Wednesday, Oct 20, 2021
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KRA to appeal High Court ruling nullifying minimum tax

KRA surpasses April revenue target by 3.8% to collect Ksh. 176.656 billion

The Kenya Revenue Authority (KRA) is mulling moving to the Court of Appeal over the 1% minimum tax ruling.

This is after the High Court judge George Odunga on Monday declared the tax provisions unconstitutional and the minimum tax guidelines void.

According to KRA, the High Court decision does not give it provisions to improve on tax policies in the country where every Kenyan citizen is required to contribute their faire share of tax.

“The Kenya Revenue Authority respectifully disagrees with the finding of the court and will prefer an appeal to the Court of Appeal,” said KRA in a statement.

In a ruling in Machakos, Odunga issued an order barring KRA from enforcing the minimum tax provisions.

“The minimum tax has the potential of not only subjecting the people to double taxation but also unfairly targeting people whose businesses for whatever reason are in loss making positions to pay taxes from their capital rather than profits,” said Odunga.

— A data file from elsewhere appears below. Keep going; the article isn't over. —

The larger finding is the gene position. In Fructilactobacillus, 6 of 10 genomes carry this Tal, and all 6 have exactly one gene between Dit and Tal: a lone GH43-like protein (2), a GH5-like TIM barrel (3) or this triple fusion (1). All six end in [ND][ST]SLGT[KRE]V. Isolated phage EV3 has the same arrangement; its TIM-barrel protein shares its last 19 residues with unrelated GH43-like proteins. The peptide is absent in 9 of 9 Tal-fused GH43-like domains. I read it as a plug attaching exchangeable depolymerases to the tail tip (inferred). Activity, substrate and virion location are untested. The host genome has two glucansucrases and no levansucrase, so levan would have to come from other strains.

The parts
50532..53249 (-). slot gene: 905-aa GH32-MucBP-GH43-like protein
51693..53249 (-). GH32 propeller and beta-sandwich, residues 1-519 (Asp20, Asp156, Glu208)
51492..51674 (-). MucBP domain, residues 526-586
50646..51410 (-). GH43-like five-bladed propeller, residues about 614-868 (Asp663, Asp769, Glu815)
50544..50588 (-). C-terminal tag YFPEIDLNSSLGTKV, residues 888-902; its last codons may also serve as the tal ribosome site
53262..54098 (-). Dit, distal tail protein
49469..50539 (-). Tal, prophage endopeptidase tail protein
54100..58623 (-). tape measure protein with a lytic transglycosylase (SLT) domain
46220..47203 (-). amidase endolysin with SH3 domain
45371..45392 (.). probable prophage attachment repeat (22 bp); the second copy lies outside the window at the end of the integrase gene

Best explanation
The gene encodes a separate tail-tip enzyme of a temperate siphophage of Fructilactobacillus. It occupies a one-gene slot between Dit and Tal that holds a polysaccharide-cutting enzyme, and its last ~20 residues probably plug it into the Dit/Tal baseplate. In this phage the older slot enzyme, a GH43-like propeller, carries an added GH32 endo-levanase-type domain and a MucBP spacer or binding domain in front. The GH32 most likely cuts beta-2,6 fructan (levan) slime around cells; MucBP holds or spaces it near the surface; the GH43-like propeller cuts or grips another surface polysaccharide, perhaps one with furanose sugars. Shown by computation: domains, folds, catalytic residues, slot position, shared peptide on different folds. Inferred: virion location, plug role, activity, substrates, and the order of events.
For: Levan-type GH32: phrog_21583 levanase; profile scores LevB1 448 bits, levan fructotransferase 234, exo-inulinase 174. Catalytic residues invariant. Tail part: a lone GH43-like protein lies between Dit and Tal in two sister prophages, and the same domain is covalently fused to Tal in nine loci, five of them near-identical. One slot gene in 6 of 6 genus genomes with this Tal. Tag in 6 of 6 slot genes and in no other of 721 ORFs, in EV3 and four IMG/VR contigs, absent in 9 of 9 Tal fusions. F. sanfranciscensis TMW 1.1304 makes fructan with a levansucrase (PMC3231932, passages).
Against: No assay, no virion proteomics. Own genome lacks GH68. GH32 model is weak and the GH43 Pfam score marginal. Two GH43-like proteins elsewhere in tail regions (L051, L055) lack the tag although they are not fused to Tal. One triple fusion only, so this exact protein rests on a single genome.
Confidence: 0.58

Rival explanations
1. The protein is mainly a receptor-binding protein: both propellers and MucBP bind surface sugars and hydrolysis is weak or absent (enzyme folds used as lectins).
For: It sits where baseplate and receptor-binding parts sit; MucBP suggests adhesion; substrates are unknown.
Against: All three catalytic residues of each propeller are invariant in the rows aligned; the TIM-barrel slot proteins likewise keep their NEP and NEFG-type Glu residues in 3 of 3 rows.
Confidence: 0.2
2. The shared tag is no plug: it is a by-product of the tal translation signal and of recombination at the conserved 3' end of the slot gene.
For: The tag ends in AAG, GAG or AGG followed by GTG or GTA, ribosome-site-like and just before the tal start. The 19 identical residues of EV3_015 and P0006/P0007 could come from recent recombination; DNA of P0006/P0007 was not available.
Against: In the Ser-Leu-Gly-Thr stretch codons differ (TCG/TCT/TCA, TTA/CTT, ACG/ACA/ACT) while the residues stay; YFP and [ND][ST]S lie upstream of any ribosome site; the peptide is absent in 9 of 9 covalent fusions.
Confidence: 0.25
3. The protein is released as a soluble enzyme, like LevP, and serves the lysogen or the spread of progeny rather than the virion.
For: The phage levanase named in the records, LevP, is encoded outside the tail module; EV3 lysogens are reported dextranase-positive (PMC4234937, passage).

The judge also said that “those who are able to pay taxes from their profits will not have their capital affected while those generally in loss making position will be sacrificed at the altar.”

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It is a blow to the taxman who has been keen in the recent past trying to widen tax bracket to achieve revenue targets.

Minimum Tax Declaration

Treasury Cabinet Secretary Ukur Yatani proposed the minimum tax in 2020, charged at the rate of one percent of total annual sales, to be paid by businesses whose tax obligation is below one per cent of their gross sales.

According to Yatani, the move is meant to net entities persistently declaring losses deceitfully to avoid taxation by government.

President Uhuru Kenyatta went ahead and assented to the Finance Act, 2020 which amended the income tax act in June 2020 by introducing a new section 12D providing for the introduction of minimum tax at the rate of 1 percent of the gross turnover effective January 1, 2021.

Four months later, the High Court stopped the implementation of a 1 percent minimum tax which was to fall due on April 20, 2021.

The order followed a petition challenging the implementation of the new tax by the Kitengela Bar Owners Association.

The officials of the association sued the National Assembly alongside KRA’s Commissioner General and the Attorney General arguing the minimum tax contravenes the constitution.

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Lawrence Baraza is a prolific writer with competencies in Digital Media, Print, and Broadcast. Baraza is also a Communication Practitioner currently spearheading Digital content on Metropol TV's Digital Desk.

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